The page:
The Basics of Law


Law is the system of rules that a society or government develops to deal with issues such as crime, business agreements and social relationships. The term “law” is also used to refer to the professions that serve the legal system, such as lawyers and judges.

Legal systems vary widely from country to country and even within countries there are many variations. For example, in some countries terrorism cases are heard by the same courts that handle other criminal cases; in others they may be handled in special courts which are intended to focus on the unique issues involved in terrorism.

The purpose of law is to set standards, maintain order, resolve disputes and protect liberties and rights. Some legal systems meet these goals better than others; for example, a government with authoritarian control may keep the peace but might oppress minorities or political opponents.

Generally speaking, the rules of law are created and enforced by legislative, executive and judicial institutions. These institutions are charged with interpreting the law in light of the social context and values in which they exist. Laws must be consistent, transparent and fair; and should be written in a way that is easy for citizens to understand. They should be clear in defining rights and duties, yet flexible enough to adapt to social change by way of creative jurisprudence.

While there are many different types of law, they all tend to be structured in similar ways. They are made up of a series of articles or sections which outline the rules and regulations that govern specific activities. In the United States, these articles are typically referred to as statutes or regulations. Each statute or regulation contains a section that defines the activity it regulates, a section that describes how the statute is enforced and a section that sets out any penalties for breaking the law.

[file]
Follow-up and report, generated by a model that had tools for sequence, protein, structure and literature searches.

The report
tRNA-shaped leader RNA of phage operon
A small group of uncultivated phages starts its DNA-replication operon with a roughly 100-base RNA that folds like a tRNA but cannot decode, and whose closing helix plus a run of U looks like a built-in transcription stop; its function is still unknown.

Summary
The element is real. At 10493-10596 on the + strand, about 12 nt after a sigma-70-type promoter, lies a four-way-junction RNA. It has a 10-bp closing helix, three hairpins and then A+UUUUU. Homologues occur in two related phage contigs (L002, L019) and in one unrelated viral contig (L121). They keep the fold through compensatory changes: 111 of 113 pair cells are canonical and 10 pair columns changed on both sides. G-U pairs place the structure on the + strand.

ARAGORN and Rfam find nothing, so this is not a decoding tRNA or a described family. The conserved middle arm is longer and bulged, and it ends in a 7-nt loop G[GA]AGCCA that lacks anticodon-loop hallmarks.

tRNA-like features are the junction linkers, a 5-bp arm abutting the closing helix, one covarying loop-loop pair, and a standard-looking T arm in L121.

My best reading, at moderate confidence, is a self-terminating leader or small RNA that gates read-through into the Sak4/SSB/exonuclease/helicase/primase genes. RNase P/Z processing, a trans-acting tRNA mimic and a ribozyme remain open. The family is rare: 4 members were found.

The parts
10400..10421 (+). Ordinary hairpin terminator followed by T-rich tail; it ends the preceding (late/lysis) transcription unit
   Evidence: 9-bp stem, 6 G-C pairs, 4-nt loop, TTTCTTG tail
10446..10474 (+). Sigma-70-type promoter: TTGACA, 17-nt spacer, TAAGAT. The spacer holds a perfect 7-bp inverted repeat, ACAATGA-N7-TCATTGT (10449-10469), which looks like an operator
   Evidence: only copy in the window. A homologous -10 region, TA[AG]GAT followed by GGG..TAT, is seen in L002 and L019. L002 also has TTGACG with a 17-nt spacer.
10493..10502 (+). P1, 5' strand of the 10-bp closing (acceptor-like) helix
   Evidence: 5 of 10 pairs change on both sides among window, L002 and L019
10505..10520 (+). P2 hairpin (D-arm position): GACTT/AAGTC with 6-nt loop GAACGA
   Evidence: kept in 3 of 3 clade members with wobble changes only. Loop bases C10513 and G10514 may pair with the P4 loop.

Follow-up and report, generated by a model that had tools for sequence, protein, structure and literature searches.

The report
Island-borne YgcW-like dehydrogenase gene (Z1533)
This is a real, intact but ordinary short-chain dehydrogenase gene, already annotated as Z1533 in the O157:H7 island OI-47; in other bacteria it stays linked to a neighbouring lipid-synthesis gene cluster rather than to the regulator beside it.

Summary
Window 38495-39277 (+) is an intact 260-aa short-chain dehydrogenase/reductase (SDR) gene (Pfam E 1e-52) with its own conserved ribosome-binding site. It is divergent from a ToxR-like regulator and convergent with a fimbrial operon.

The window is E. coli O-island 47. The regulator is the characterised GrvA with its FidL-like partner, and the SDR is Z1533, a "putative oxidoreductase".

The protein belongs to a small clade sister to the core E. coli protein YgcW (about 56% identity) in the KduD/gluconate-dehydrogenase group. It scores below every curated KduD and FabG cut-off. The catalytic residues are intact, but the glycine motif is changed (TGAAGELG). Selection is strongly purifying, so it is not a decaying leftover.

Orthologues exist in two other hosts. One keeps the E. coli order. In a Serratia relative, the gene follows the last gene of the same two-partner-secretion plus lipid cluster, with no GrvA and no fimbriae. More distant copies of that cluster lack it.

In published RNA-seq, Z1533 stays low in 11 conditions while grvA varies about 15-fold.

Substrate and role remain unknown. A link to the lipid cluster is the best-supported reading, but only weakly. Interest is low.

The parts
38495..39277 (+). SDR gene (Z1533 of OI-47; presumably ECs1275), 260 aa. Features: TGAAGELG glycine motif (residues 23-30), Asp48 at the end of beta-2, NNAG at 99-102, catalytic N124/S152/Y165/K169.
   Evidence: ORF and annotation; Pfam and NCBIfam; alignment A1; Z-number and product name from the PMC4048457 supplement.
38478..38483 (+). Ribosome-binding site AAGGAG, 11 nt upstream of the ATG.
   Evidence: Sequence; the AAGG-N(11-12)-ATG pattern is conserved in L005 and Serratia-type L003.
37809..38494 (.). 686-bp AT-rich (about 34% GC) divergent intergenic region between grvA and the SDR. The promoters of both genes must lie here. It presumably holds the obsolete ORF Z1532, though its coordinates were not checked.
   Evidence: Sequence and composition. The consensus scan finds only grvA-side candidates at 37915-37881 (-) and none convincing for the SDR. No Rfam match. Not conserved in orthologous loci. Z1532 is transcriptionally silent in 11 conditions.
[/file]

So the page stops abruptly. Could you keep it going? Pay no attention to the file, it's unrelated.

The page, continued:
The legal system is not just a tool for punishing criminals or enforcing contracts; it is also a vehicle for achieving social and economic progress. This is why the development of a strong rule of law is an essential part of any country’s long-term prosperity. A strong rule of law promotes international peace and security; fosters economic growth, financial stability and development; reduces poverty; and protects people’s rights and freedoms. It is also fundamental to preventing corruption and restraining abuse of power by individuals, businesses and institutions. The Rule of Law should therefore be seen as an integral element of the 2030 Agenda and Sustainable Development Goals.